Big Boss as Che Guevara

Mate: Not Just an Item

mateIf memory serves me correctly, some fans were annoyed at Peace Walker as a sign of “what is this series coming to,” claiming that Metal Gear was becoming sillier than ever, what with the inclusion of pink shirts, tank boxes, Monster Hunter references and “a new item called mate that looks like a damn cauldron.” Well, my friends, unlike tank boxes and dragon monsters, that damn cauldron is a very realistic and popular drink throughout South America, And there’s like a million explanations and references to it in-game so as to ignore what it is if you’ve played the game, and complain about it in such ignorant and dismissive ways as if it were just a weird silly item created for the game.

Mate (pronounced mah-teh), is basically the national drink of Argentina, Paraguay and Uruguay, and certainly one of the most popular infusions in the Southern Cone. It is very popular as well in countries such as Brazil, Chile and Bolivia. It is served with a metal straw from a hollow calabash gourd, called mate. The straw, made of silver, nickel or stainless steel, is called a bombilla in some Latin American countries, and a bomba in Portuguese. Even if the water is supplied from a modern thermos (which we call “termo”), the infusion is traditionally drunk from mates. The leaves used for drinking the infusion are dried, chopped, and ground into a powdery mixture called yerba, and are usually referred to as yerba mate. The bombilla is used as a a straw to drink the infusion and a sieve to wedge into the yerba. The submerged end is flared, with small holes that allow the brewed liquid in, but filters out the yerba bits.

Uruguayans consume 400 million liters of mate annually (at the rate of one liter of water every 80 grams of yerba) in a market that imports 32 million kilos and bills some U.S. $ 90 million a year. Mate consumption surpasses even all brands of soda put together, which, according to the consulting firm Retail Id, sell about 290 million liters annually.

mate2There is also a legend behind mate; the Guaraní people, one of the native tribes of South America, started drinking mate in a region that currently includes Paraguay, southern Brazil, southeastern Bolivia, northeastern Argentina and Uruguay. The Guaraní have a legend that says the Goddesses of the Moon and the Cloud came to the Earth one day to visit it, but they instead found a yaguareté (jaguar) that was going to attack them. An old man saved them, and, in compensation, the goddesses gave the old man a new kind of plant, from which he could prepare a “drink of friendship.”

che_mateIn Peace Walker, in yet another reference to Che Guevara, Big Boss and the staff at Mother Base adopt the custom of drinking mate. The drink, known throughout the Southern Cone for its function as a social drink and for its highly nutritive properties, is featured as an item is in the game where it recovers psyche, the character’s mental stamina. I was literally astonished when seeing this. Mate? The most well-known and characteristic drink of my country in a Kojima videogame? It was just too much. And the characters absolutely love it, notably serving a minor plot role in lifting the spirits of Cécile after succumbing to physical exertion. The fact that the whole point of mate in-game is to raise your psyche is spot-on. It’s precisely what we use in Uruguay when we are feeling blue or tired. Why did Kojima make something as South American as mate the ultimate cool drink for the MSF? Is it because it looks exotic to North Americans, or rather because he is already separating Big Boss from the US and its ideals and making him embrace a more cosmopolitan worldview? And let us not forget, Che and his comrades loved mate …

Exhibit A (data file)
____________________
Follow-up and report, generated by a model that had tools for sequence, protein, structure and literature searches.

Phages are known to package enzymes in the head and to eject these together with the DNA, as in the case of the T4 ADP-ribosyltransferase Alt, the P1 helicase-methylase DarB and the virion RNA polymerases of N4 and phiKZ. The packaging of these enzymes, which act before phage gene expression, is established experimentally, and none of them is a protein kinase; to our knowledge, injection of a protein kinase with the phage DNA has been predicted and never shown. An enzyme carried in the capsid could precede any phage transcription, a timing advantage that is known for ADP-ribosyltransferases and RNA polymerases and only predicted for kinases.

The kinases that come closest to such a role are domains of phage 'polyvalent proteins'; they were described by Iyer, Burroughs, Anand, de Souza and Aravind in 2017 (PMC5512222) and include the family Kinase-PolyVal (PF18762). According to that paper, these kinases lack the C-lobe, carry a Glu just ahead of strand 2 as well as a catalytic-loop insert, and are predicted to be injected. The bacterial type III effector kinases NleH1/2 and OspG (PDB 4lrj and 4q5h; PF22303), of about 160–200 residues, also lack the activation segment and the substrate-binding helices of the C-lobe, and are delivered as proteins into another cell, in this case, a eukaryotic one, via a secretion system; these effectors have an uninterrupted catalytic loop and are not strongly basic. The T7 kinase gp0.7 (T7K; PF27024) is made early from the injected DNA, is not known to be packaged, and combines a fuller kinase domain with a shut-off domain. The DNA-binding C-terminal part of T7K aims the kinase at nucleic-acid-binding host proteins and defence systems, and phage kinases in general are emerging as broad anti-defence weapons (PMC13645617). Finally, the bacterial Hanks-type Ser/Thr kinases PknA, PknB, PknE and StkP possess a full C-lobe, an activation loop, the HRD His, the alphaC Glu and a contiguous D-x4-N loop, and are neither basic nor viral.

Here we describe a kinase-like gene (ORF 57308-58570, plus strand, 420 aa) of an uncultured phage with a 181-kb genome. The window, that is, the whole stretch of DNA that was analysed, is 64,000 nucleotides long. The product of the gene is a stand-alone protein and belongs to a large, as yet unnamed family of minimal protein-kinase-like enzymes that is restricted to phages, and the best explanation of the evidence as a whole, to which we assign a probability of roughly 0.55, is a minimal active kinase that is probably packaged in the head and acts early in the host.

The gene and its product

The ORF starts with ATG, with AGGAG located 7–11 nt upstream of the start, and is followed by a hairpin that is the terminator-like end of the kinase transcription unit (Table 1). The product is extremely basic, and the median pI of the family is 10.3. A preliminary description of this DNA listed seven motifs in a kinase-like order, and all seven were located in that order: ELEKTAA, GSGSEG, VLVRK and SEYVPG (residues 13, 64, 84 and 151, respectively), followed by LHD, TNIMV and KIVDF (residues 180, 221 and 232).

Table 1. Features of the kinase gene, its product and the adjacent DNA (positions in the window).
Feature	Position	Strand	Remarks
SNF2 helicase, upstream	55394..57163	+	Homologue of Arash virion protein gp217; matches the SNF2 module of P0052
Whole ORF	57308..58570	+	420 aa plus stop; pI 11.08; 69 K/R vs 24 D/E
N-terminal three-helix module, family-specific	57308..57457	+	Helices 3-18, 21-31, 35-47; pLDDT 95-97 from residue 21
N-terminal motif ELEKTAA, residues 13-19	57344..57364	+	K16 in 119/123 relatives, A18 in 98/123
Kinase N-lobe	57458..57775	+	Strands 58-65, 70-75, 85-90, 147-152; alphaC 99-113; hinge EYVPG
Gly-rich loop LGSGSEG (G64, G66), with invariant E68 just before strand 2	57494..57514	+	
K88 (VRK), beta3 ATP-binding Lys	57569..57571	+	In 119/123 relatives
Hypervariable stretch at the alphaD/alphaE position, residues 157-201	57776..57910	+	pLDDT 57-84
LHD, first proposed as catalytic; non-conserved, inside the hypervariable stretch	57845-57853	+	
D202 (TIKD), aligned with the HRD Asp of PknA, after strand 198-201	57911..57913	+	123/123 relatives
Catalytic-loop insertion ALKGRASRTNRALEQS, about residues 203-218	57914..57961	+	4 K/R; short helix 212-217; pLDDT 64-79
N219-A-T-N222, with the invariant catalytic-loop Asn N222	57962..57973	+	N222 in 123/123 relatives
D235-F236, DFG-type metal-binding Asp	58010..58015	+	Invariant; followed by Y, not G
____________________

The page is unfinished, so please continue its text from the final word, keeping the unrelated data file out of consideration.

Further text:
What’s wrong, Kaz? You sound beat.

Yeah, the problems never seem to end around here…

You should take a break. Share a cup of mate with the other guys. It’ll give you a chance to connect with them.

I wonder if Che and his men ever sat around drank mate.

I bet they did. Che was famous for his love of the stuff.

Man, whoever thought of this was a genius. You can put it in a gourd and carry it around, and there’s a special straw with a filter attached so you can drink it anytime.

That’s not all. It’s full of essential vitamins and minerals, too. Nice to have in a guerrilla war when food is short.

Yeah, I wish I had a chance to share some with a blonde Parisienne when I was out hiking.

…How do you know about that?

It takes a thief – or should I say it takes a snake – to know one, Snake.

mate3It is very hard to describe how important mate is for us and the role it plays in our society. There are literally entire books written on the subject. How it is constantly present wherever we go is always pointed out by tourists, who claim how curious it is to see Uruguayans stroll by down the “rambla” (marina) carrying the “termo” (thermos) under one arm and the mate in the other. This is strictly a Uruguayan custom that has been slowly adopted by Argentines, who usually don’t drink it on the go and use a “pava” (kettle) for water instead of a “termo.” The phrase “¿querés unos mates?” (do you want some mates?) is always uttered when sitting down to converse with someone at their home, for example during visits. To say it’s present wherever you go would be an understatement; it’s as common as seeing people holding Starbucks cups in New York City.

Che visiting with Uruguayan President Eduardo Victor Haedo at Haedo’s summer home in Punta del Este, Uruguay, on the 7th of August 1961. Che was sent to head Cuba’s delegation to the economic conference of the Organization of the Amercian States (OAS) at Punta del Este, Uruguay, where he denounced President John F. Kennedy’s “Alliance for Progress.”